Paula Hancocks is an award-winning international correspondent for CNN International.
Paula Hancocks is an award-winning international correspondent for CNN International. Based in Seoul, South Korea, she is responsible for covering major stories on the Korean peninsula and the surrounding region.
Hancocks has covered some of the biggest stories in Asia in recent years, including North Korea's latest nuclear test and the global fallout, the AirAsia plane crash in Indonesia and the sinking of the Sewol ferry in South Korea, winning a New York Festival award.
Reporting on the devastating Typhoon Haiyan in the Philippines, Hancocks was aboard the first plane to land in Tacloban, one of the worst hit areas, and was the first international journalist to report live from the ground. Her reports on the human suffering and individual bravery showed the scale of the disaster to the world, while questioning President Benigno Aquino about his government's response. The team won the Royal Television Society award for Best International News Coverage.
In July 2013, Hancocks traveled around North Korea with Korean War veterans from the United States searching for the remains of a fallen comrade. Rare access to the isolated country and high level military officials gave Hancocks an insight that few journalists are allowed. She also led CNN's coverage of the death of the former leader Kim Jong Il, the rise of the new leader Kim Jong Un and the plight of American citizens detained in the country.
South of the border, Hancocks has covered Seoul's dealings with its neighbor, Presidential elections and deadly floods. She reported exclusively on North Korea's assassination weapons and the story of nine young defectors sent back to North Korea just when they thought they were safe.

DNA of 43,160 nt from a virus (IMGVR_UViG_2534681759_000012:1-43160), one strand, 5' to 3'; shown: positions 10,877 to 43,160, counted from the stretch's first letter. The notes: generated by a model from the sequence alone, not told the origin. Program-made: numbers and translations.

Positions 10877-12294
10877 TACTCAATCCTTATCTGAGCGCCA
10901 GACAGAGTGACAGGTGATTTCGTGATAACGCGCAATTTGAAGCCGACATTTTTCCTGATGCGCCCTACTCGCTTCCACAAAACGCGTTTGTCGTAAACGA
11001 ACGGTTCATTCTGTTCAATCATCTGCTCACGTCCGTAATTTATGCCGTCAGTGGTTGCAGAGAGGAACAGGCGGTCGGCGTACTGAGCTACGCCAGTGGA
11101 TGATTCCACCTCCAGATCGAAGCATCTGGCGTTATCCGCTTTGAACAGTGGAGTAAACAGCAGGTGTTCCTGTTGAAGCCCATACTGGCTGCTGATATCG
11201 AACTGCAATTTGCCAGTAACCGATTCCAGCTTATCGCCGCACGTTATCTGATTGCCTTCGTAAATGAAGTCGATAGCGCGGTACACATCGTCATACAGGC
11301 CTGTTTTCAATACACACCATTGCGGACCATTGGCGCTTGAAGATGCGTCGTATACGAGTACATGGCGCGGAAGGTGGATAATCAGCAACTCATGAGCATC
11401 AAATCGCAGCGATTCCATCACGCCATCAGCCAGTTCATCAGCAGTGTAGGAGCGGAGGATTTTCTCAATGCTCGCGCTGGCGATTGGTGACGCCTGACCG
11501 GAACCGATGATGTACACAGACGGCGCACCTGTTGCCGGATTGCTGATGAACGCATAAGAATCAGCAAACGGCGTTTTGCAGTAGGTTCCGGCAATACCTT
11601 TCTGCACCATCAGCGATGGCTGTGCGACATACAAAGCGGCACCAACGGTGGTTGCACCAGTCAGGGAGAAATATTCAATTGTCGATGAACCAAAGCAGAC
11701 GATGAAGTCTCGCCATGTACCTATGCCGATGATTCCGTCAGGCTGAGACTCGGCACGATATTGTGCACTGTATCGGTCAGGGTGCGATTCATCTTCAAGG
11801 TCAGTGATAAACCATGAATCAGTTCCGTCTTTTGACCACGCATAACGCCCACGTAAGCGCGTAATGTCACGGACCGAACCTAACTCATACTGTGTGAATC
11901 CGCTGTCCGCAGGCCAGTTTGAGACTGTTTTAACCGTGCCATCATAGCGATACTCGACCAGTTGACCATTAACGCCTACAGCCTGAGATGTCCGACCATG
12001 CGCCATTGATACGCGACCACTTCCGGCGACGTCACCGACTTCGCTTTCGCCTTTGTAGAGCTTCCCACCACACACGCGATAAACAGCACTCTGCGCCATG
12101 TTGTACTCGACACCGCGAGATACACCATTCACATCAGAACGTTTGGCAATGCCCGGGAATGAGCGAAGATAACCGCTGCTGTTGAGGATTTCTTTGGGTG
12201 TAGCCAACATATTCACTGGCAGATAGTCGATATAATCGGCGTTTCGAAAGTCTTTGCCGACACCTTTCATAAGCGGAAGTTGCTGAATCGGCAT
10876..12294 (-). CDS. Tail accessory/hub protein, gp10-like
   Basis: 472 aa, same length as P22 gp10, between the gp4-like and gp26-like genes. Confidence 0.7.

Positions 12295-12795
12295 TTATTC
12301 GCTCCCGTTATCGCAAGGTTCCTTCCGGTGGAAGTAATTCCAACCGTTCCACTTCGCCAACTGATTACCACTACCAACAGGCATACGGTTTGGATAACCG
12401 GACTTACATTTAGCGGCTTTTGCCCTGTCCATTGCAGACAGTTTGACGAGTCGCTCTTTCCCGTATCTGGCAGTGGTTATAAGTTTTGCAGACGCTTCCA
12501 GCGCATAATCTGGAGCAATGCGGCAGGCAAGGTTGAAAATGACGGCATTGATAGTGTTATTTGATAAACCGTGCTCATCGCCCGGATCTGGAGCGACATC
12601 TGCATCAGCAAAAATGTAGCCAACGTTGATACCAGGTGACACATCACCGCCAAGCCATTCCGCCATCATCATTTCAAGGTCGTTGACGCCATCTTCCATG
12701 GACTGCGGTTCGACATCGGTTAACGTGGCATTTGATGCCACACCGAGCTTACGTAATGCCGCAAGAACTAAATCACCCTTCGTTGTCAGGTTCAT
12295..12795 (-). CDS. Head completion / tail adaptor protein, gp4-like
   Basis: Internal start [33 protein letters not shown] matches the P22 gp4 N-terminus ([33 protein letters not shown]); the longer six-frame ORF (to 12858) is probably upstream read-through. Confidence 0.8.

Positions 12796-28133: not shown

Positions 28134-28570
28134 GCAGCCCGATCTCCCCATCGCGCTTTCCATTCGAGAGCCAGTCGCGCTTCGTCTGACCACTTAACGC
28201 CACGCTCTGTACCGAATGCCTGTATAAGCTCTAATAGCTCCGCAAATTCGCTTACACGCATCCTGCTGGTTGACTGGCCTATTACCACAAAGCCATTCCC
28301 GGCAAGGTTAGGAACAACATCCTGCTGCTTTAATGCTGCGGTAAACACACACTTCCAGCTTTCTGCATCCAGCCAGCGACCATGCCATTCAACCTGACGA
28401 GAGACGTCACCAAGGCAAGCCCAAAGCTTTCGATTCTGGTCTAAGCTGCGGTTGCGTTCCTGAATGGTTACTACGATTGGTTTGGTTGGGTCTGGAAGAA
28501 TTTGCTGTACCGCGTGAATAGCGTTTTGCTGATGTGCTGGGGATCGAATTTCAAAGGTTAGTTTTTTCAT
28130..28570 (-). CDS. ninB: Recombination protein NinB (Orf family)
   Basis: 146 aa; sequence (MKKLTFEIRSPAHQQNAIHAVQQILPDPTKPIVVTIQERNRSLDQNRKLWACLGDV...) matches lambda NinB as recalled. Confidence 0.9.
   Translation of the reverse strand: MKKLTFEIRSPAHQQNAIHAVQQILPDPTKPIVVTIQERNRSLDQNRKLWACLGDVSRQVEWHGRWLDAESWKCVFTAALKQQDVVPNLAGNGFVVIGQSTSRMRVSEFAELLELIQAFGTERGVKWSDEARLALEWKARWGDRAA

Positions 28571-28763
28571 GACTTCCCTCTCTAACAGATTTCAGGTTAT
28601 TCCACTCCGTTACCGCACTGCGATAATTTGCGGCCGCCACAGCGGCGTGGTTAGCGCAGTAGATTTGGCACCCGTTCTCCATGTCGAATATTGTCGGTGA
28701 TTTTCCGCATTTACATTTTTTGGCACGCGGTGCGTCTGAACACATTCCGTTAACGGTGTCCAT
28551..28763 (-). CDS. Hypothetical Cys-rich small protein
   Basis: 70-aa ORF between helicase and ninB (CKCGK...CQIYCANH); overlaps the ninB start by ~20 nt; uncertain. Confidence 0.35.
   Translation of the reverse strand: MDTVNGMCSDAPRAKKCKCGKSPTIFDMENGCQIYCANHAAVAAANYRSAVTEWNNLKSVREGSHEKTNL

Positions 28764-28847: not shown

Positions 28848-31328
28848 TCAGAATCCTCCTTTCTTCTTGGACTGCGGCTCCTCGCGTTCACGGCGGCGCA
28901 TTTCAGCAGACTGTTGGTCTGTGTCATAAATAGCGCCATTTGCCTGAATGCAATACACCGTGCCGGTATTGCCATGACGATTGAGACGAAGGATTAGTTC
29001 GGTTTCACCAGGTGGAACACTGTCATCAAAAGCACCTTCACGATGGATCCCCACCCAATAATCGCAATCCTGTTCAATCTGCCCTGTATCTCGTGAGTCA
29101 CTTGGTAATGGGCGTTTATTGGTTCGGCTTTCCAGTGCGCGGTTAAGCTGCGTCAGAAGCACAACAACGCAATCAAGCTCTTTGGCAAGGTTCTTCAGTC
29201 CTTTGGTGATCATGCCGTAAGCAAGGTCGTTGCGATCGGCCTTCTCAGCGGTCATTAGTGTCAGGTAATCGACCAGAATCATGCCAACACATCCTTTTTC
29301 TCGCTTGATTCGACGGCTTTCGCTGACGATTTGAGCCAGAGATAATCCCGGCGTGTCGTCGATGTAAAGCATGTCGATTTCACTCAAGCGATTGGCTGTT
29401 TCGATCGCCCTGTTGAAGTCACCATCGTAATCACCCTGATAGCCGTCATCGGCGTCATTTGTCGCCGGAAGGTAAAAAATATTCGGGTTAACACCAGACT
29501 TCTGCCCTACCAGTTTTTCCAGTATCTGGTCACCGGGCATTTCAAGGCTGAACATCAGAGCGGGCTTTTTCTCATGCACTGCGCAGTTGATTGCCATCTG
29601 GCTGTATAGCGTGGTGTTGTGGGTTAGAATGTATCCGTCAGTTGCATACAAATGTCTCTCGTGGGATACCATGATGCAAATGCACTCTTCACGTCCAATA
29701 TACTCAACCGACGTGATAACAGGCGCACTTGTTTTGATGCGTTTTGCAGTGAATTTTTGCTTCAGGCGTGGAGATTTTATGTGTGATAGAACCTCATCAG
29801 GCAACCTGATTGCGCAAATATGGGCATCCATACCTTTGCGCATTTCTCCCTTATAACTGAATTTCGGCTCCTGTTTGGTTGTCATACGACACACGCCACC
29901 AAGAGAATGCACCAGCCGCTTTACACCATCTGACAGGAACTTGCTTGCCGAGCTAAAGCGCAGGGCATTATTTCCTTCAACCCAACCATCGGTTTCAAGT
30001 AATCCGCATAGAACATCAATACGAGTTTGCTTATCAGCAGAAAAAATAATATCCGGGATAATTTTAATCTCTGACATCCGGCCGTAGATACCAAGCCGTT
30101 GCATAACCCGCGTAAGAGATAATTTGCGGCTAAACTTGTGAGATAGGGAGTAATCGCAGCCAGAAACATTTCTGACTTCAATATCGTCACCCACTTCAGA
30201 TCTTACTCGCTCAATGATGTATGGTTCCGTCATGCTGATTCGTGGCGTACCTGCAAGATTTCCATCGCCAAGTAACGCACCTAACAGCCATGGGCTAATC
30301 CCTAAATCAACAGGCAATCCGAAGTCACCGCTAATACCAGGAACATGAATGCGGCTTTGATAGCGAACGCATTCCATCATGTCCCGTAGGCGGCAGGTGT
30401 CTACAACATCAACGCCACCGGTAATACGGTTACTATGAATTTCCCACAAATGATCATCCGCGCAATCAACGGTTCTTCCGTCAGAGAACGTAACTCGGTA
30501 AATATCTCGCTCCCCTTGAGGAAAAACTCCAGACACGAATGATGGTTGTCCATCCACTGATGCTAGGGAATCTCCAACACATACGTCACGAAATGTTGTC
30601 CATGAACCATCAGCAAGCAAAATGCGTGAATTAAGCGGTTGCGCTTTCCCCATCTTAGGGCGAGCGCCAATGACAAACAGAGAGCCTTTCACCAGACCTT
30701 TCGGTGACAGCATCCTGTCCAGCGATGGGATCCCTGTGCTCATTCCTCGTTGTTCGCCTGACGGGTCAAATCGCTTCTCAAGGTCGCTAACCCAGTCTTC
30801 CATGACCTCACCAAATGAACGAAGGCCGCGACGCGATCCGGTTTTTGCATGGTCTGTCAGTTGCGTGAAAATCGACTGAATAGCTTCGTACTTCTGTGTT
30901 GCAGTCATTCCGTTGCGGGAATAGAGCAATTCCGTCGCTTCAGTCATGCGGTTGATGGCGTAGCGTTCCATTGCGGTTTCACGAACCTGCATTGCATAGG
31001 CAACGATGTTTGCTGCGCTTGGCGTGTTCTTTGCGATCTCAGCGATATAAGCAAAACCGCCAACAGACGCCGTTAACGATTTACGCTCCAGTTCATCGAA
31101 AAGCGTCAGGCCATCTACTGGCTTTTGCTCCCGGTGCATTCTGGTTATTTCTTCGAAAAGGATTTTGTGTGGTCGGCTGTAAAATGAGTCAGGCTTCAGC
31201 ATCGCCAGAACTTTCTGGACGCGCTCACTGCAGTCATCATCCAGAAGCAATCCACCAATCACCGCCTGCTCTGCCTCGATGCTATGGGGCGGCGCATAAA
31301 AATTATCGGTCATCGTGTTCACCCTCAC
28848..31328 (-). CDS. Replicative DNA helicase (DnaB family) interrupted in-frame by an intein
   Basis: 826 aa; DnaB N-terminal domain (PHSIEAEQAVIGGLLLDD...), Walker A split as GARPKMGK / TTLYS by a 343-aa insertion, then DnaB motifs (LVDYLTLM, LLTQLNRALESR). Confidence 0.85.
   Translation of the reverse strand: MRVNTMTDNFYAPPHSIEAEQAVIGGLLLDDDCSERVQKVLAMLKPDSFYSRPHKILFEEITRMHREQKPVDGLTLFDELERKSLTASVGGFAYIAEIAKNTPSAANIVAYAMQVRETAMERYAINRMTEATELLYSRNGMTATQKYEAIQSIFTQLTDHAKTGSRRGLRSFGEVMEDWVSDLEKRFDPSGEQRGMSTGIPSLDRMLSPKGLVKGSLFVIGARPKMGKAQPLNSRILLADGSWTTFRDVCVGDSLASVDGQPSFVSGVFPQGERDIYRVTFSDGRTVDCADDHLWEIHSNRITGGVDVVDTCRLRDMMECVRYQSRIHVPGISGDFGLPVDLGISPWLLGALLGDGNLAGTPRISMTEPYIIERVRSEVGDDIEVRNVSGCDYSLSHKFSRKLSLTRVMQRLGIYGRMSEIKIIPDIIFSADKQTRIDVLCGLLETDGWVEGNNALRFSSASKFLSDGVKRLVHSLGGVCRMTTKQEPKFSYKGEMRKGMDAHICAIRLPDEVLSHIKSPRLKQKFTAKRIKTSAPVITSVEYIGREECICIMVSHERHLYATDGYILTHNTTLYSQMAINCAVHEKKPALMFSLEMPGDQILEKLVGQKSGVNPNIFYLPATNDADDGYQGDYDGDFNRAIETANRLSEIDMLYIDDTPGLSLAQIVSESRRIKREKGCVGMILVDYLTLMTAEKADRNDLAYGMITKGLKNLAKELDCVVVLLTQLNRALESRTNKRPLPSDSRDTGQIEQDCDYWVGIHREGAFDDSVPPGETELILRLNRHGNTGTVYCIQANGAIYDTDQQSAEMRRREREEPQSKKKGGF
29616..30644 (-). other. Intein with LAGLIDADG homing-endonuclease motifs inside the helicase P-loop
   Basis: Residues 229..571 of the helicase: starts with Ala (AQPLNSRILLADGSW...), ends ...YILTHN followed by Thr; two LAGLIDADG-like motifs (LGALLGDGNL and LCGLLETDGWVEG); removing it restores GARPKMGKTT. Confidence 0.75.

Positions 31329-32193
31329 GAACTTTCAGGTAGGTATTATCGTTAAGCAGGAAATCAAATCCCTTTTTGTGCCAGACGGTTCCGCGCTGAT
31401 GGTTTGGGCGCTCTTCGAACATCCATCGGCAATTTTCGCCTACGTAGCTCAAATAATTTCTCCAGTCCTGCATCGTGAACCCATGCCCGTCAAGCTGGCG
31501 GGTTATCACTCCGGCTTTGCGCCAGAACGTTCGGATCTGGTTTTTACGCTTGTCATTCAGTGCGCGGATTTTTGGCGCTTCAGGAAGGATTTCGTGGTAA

She has reported extensively from Myanmar on the victory of Nobel Peace Prize winner, Aung San Suu Kyi, in the historic parliamentary elections in 2012 and the dramatic opening up of the once isolated country. Following Suu Kyi around the country during her election campaign, Hancocks spoke to people denied a voice for so many years.
In March 2011, Hancocks was the first international reporter to arrive at the devastated tsunami zone in Japan near the epicenter of the earthquake to cover the aftermath of the natural disaster and the ensuing nuclear catastrophe. She reported from the heart of that disaster inside reactor 4 in the plant.
Hancocks has covered many other natural disasters around the world, traveling to remote parts of Western Indonesia to cover the aftermath of a tsunami and to Sri Lanka to cover the devastating impact of the 2004 Asia tsunami, for which the team won a DuPont-Columbia Award.
Hancocks has reported from many of the world's hotspots in recent years, including Iraq, Afghanistan, Pakistan and across the Middle East.
Prior to taking up her position in Seoul, Hancocks was based in Jerusalem and reported on the 2008 Gaza war, border clashes between Israel and Lebanon, smuggling tunnels and rocket factories in Gaza and the deadly confrontation aboard an aid ship bound for Gaza. On a daily basis, she covered the political intricacies of a never-ending peace effort and the anger and frustrations on both sides of the conflict. Traveling in and out of the region for many years, she also covered the Israeli-Hezbollah conflict in 2006, for which the team won the Ed Murrow award.
Previously, she served as an international correspondent at CNN's London bureau, reporting on a wide range of stories including the London bombings, the aftermath of the Iraq war and bombings in Istanbul.
Hancocks joined CNN in 1997 as a production assistant. Prior to joining CNN she studied for a postgraduate degree in broadcast journalism at the University of Wales, Cardiff. She also graduated with a Bachelor of Arts in French and Italian from the University of Durham. Hancocks grew up in Monmouth, South Wales.
Follow Paula on Twitter: @PHancocksCNN